The Next Generation of Media

19 Oct

Advertising is a business in a constant evolution. It is an industry that can change on a day to day basis. It is an advertisers job to invent new ways to morph their talents to the given media.

My father is an engineer so I have grown up with computers. There are pictures of me when I was two sitting on what looks like a box, but is in fact an old apple computer. Does my constant involvement with the media improve my skills in advertising? Does the fact that I am among the first generation to grow up entirely involved with technology help my career? Yes.

Adweek just announced their Media All-Star list, which is the youngest crop of winners they have ever honored. It is not surprising that their honorees were people in their 20’s and 30’s. These are the people that understand the capabilities of social media, and can look beyond what is occurring now and what the future holds.

I had a college media course on new websites and future innovations for advertising. The course syllabus changed on nearly a daily basis due to the constant changes in the industry. As Adweek states, “… the central fact here is actually not the youth of the winners, but the youth of digital itself, which, as everyone knows, is fast rewriting the media-buying rule book. Keeping atop the changes doesn’t require a fresh face so much as a fresh approach — and the talent to generate innovation, recast agency culture and create breakout work.”

Innovations such as mobile marketing, direct video marketing (Tivo), and interactive advertisements are all things in the near future. It is exciting and inspiring to think that I may have the opportunity to help shape new models.

Adweek mentioned Karen Umeki of Starcom. Umeki is working on media placement in magazines that offers more interaction. Brilliant. I love magazines, and I love the advertisements. I view them as art and often seek them out. What Umeki did was to interact the reader with the ad and make it something enjoyable.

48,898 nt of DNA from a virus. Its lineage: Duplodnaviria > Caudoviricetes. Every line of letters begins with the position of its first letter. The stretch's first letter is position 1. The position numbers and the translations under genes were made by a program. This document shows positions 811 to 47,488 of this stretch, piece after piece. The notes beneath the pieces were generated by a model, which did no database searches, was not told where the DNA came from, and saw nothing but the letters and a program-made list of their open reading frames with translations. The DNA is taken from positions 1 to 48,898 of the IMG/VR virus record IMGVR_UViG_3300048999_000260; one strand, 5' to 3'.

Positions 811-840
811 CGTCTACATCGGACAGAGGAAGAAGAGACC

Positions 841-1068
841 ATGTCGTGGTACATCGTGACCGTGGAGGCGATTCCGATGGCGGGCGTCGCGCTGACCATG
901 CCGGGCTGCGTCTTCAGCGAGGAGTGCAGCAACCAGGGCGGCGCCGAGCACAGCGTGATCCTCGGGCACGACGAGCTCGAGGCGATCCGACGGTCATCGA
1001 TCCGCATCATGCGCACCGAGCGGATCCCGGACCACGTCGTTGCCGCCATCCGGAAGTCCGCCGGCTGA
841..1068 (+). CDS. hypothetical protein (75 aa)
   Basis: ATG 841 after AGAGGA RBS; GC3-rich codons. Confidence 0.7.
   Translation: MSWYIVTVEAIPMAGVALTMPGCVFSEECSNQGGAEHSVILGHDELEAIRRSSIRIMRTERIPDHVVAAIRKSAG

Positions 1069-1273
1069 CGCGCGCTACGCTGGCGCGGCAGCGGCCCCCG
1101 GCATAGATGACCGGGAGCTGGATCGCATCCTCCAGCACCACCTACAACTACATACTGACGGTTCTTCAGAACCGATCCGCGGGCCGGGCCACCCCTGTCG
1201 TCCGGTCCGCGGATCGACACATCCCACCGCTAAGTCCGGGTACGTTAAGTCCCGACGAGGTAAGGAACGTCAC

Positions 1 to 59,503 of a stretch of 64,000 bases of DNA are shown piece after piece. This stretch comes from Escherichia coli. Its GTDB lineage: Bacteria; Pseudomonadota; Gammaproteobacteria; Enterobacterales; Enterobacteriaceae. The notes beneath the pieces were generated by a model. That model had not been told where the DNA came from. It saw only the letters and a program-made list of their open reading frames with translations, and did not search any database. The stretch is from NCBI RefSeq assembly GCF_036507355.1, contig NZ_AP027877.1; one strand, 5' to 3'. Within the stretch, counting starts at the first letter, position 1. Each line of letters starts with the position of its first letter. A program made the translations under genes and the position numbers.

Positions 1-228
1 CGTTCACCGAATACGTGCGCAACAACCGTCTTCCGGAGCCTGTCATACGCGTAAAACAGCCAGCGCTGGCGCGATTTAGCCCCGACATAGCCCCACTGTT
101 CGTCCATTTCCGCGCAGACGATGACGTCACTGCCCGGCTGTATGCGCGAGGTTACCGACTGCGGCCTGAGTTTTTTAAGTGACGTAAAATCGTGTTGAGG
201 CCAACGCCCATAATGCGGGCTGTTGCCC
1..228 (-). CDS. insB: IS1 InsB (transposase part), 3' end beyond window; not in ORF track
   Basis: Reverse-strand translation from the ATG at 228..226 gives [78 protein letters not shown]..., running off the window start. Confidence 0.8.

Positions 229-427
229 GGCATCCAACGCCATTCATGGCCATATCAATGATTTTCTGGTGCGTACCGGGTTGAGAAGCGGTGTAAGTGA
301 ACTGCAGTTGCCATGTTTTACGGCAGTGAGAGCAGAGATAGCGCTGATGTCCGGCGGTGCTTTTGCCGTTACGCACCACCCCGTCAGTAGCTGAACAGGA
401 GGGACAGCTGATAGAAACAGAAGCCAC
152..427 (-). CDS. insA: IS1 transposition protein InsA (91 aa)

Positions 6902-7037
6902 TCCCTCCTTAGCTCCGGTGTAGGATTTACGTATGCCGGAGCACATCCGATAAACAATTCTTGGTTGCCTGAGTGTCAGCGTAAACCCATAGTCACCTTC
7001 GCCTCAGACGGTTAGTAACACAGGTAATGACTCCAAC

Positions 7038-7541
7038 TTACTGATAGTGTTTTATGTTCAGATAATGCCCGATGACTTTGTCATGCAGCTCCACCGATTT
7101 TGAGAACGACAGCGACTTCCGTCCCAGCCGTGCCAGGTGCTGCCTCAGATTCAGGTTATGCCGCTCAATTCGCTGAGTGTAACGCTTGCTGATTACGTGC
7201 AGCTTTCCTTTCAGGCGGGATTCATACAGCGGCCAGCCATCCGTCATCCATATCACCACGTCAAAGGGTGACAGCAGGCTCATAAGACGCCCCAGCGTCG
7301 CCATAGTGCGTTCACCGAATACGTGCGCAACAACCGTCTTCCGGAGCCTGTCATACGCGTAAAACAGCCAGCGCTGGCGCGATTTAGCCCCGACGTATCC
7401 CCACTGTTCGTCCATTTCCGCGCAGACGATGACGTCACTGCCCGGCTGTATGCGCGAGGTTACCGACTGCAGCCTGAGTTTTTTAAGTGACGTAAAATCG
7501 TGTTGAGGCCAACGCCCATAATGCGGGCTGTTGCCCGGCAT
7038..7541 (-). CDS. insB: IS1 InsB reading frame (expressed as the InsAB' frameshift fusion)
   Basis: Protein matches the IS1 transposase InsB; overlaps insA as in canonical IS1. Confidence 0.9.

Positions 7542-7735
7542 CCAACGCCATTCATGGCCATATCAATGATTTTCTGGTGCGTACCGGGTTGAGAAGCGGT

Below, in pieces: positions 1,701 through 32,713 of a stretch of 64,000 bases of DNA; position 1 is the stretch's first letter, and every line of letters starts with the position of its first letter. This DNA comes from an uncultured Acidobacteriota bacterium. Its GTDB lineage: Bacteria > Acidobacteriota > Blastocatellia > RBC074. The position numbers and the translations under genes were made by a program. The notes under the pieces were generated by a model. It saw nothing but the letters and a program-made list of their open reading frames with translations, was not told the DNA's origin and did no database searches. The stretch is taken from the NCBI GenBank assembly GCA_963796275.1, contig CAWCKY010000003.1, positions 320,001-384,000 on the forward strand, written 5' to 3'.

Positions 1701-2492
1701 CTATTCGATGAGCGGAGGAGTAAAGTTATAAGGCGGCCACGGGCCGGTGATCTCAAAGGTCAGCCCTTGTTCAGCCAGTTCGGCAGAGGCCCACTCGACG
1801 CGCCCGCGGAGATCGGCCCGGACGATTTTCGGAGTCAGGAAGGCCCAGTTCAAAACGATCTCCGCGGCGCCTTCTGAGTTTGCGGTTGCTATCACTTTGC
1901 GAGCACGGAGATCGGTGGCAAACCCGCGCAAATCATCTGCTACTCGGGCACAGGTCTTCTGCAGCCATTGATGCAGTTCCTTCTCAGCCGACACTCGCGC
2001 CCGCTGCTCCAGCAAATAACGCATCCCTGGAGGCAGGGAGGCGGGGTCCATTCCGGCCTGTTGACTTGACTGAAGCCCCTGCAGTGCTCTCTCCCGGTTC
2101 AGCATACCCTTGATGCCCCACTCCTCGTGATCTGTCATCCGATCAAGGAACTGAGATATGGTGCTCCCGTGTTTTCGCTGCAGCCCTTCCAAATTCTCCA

Her client was Wrigley’s Orbit Gum. Orbit was trying to gain awareness for their new packaging, and wanted to position the gum as an accessory. Umeki had a peel off ad on the cover of Rolling Stone that would reveal the new packaging.

Rolling Stone chose a picture showed a scowling Jay-Z, but when readers pulled back the peel, they saw a rare photo of Jay-Z smiling.

“What we loved was the way the dual covers mirrored the way the gum packaging worked,” says Melinda Lewis, senior marketing manager for Orbit.

Melinda also ads that the advertising was enjoyed by consumers because it provided an experience. Advertising should be enjoyable. Rob Baird of Mother, while skyping last week, said the best advice he got was to ask yourself if you would look at it/watch it.

The future of advertising is changing, and this does not mean that older generations can not learn. But it is the younger generations job to find innovative and captivating new ways to reshape the industry that are profound and thought provoking; not simply bombarding people with messages every way they look.

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